When Nine Inch Nails and David Bowie teamed up for a tour in the summer of 1995, they faced a pretty thorny question: Who would headline? At this point in their careers, Nine Inch Nails were a much bigger draw on the concert circuit than Bowie, but Trent Reznor couldn't accept the idea of playing after one of his biggest heroes.
"We found out a way to do the show that made sense, where it all felt like one experience," Reznor recently told Rolling Stone. "We'd play stripped down, then David would come out and he'd do 'Subterraneans' with us, and then his band would come out and we'd play together, then my band would leave. One of the greatest moments of my life was standing onstage next to David Bowie while he sang 'Hurt' with me. I was outside of myself, thinking, 'I'm standing onstage next to the most important influence I've ever had, and he's singing a song I wrote in my bedroom.'" (Watch a video of their duet on "Hurt" right here.)
The Nine Inch Nails set flowed right into Bowie's set without a single second of downtime, but Nine Inch Nails fans still walked out in droves. "A lot of the audience knew him because they knew Nirvana's version of 'The Man Who Sold the World,'" Bowie bassist Gail Ann Dorsey recently told Rolling Stone. "I thought that was funny."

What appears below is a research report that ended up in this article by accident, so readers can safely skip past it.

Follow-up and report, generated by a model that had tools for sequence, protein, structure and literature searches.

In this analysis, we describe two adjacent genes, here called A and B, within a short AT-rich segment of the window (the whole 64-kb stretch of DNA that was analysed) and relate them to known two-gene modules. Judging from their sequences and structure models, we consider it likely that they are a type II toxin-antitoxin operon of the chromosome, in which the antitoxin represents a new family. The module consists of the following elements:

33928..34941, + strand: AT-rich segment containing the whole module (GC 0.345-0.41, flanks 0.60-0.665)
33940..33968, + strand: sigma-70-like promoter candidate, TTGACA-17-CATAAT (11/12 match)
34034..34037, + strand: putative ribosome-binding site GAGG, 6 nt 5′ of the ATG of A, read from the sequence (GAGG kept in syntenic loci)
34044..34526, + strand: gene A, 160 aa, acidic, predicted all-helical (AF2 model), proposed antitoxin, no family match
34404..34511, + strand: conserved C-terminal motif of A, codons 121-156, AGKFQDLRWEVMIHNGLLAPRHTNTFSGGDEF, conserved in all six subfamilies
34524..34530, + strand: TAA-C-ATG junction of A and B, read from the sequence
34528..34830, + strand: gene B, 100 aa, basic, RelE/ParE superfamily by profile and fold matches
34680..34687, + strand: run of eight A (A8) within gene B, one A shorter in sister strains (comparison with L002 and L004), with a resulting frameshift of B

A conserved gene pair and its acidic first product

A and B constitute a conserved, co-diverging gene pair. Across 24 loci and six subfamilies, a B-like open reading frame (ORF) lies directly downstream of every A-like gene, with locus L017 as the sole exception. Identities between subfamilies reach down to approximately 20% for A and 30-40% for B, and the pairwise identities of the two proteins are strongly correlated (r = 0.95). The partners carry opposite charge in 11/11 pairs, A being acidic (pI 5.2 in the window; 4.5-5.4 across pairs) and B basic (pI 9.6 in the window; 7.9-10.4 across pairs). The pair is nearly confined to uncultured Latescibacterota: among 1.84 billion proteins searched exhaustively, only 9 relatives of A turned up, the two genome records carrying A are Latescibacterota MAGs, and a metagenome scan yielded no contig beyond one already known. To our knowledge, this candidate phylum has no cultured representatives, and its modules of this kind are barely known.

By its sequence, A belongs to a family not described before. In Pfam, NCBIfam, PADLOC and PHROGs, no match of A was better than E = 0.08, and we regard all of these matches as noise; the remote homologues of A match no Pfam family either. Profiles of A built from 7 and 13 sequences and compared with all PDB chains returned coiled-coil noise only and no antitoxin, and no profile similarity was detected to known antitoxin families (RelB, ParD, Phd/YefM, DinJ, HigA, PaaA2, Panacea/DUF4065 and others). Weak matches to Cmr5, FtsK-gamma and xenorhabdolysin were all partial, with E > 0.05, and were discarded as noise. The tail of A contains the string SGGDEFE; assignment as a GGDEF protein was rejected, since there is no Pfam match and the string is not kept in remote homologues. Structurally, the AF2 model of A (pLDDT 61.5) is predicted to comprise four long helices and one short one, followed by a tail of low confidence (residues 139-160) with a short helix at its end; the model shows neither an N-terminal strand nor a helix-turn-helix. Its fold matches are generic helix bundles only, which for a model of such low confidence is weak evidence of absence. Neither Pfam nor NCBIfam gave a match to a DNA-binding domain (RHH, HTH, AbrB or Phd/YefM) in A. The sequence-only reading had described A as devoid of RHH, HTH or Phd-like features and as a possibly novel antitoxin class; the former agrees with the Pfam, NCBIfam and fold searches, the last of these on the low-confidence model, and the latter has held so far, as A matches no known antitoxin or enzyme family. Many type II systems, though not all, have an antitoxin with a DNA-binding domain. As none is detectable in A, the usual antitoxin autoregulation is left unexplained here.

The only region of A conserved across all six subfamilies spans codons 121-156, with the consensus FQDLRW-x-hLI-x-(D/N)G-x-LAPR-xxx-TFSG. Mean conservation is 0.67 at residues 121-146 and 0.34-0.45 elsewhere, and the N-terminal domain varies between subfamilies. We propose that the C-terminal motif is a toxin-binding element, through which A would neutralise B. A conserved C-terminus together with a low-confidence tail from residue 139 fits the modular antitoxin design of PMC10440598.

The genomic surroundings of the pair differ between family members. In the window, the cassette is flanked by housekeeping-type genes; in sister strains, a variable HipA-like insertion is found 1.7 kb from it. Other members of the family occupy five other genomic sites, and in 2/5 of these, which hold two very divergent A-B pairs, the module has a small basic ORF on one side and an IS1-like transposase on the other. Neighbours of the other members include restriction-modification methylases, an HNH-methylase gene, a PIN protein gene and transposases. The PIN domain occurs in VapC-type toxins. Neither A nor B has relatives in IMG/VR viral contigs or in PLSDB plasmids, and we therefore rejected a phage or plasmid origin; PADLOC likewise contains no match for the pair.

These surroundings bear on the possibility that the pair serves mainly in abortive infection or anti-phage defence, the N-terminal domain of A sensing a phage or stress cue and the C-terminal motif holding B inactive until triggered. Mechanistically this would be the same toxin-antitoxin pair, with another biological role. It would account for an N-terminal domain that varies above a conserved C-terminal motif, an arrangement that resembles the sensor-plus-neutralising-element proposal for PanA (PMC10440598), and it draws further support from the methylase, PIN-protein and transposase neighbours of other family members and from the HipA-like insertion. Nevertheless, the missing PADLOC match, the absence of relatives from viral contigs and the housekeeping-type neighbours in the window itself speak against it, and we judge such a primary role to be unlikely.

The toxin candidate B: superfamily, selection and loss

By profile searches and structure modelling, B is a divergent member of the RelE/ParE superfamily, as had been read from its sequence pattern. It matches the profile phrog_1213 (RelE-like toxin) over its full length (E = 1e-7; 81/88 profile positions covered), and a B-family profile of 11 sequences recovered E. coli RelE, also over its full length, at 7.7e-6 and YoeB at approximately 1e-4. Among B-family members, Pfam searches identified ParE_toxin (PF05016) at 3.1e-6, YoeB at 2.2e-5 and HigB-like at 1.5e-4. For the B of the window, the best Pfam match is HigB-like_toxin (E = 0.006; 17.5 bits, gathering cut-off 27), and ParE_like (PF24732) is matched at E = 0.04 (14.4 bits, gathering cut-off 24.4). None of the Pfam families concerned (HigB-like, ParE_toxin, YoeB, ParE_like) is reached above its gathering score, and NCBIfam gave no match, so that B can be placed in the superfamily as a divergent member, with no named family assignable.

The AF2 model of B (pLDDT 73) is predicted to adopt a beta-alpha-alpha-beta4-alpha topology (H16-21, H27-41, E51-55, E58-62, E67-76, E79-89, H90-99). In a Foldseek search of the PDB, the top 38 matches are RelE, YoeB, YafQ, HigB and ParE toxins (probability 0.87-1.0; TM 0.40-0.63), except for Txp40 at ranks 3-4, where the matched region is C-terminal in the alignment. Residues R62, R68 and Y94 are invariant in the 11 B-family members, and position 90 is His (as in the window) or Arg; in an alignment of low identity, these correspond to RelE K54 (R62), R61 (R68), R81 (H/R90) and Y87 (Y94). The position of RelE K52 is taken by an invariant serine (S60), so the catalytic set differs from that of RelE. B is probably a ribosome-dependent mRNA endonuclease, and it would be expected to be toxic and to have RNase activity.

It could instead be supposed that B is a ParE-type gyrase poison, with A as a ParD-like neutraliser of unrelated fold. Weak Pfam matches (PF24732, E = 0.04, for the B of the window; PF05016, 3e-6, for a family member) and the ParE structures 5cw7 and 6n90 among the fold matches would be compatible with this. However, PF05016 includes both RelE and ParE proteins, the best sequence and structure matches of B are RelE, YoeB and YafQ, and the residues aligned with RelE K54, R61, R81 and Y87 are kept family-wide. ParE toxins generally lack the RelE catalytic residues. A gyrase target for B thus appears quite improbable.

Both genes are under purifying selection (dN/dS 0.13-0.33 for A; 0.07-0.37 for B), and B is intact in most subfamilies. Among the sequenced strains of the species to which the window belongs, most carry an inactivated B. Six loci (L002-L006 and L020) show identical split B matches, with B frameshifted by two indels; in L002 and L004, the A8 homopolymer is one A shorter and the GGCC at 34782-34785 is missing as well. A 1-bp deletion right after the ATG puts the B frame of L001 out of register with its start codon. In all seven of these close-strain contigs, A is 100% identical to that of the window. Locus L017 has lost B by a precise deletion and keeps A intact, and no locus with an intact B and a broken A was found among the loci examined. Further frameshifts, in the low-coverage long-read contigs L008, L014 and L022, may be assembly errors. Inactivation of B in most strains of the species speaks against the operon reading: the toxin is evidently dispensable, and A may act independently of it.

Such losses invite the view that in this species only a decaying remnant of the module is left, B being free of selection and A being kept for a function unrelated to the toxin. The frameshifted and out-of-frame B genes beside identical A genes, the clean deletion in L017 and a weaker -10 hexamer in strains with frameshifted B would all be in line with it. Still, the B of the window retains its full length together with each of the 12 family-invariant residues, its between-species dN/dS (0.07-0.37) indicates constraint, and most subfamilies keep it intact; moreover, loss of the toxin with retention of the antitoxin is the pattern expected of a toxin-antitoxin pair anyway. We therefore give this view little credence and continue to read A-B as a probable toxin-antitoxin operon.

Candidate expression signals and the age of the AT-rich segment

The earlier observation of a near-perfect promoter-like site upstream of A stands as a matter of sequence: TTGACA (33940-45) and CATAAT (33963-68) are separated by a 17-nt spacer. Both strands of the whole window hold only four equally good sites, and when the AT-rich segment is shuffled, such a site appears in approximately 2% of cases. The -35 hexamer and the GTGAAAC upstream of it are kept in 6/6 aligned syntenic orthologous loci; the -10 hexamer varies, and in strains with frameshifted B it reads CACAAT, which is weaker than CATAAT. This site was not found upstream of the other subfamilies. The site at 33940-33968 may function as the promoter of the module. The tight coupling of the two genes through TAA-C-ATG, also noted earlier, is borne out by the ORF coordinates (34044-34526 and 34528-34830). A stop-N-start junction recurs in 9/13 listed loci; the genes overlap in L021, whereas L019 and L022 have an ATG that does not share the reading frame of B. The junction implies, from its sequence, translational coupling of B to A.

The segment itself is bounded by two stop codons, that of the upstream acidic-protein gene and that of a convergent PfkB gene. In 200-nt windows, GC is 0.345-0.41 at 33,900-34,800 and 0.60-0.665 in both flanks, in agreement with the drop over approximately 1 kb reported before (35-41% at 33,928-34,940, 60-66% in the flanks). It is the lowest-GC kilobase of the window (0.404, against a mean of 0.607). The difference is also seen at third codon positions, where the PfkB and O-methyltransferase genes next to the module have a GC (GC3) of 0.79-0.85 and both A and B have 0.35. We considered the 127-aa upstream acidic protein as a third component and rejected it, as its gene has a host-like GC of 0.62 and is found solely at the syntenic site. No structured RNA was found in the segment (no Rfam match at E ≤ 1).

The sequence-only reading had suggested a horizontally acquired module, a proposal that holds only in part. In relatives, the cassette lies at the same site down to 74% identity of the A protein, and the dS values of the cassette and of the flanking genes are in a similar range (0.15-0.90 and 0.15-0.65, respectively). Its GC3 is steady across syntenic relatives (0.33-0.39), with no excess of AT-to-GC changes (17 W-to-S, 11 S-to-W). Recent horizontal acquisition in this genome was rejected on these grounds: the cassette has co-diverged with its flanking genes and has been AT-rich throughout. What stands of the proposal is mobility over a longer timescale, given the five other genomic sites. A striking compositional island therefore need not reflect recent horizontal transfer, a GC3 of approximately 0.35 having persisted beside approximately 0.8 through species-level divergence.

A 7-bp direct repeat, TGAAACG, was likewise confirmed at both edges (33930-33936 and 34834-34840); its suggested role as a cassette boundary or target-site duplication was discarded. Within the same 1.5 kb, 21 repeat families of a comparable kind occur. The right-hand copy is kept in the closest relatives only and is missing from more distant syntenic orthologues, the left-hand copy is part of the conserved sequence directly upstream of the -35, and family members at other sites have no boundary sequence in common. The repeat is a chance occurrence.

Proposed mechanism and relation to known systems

These shows took place five years after Bowie officially retired his hits on the Sound+Vision tour, so his set was mostly songs from his new LP, Outside, and lesser-known older tunes like "Andy Warhol" and "Teenage Wildlife." "In the environment of an outdoor-amphitheater rock concert in the summer, people with 32-ounce beers probably would have preferred to hear 'Changes,' rather than an art installation on stage," Reznor said. "He did what he wanted to do. That made an impression. And I think about that anytime I'm going to ask for your attention or your money in some capacity."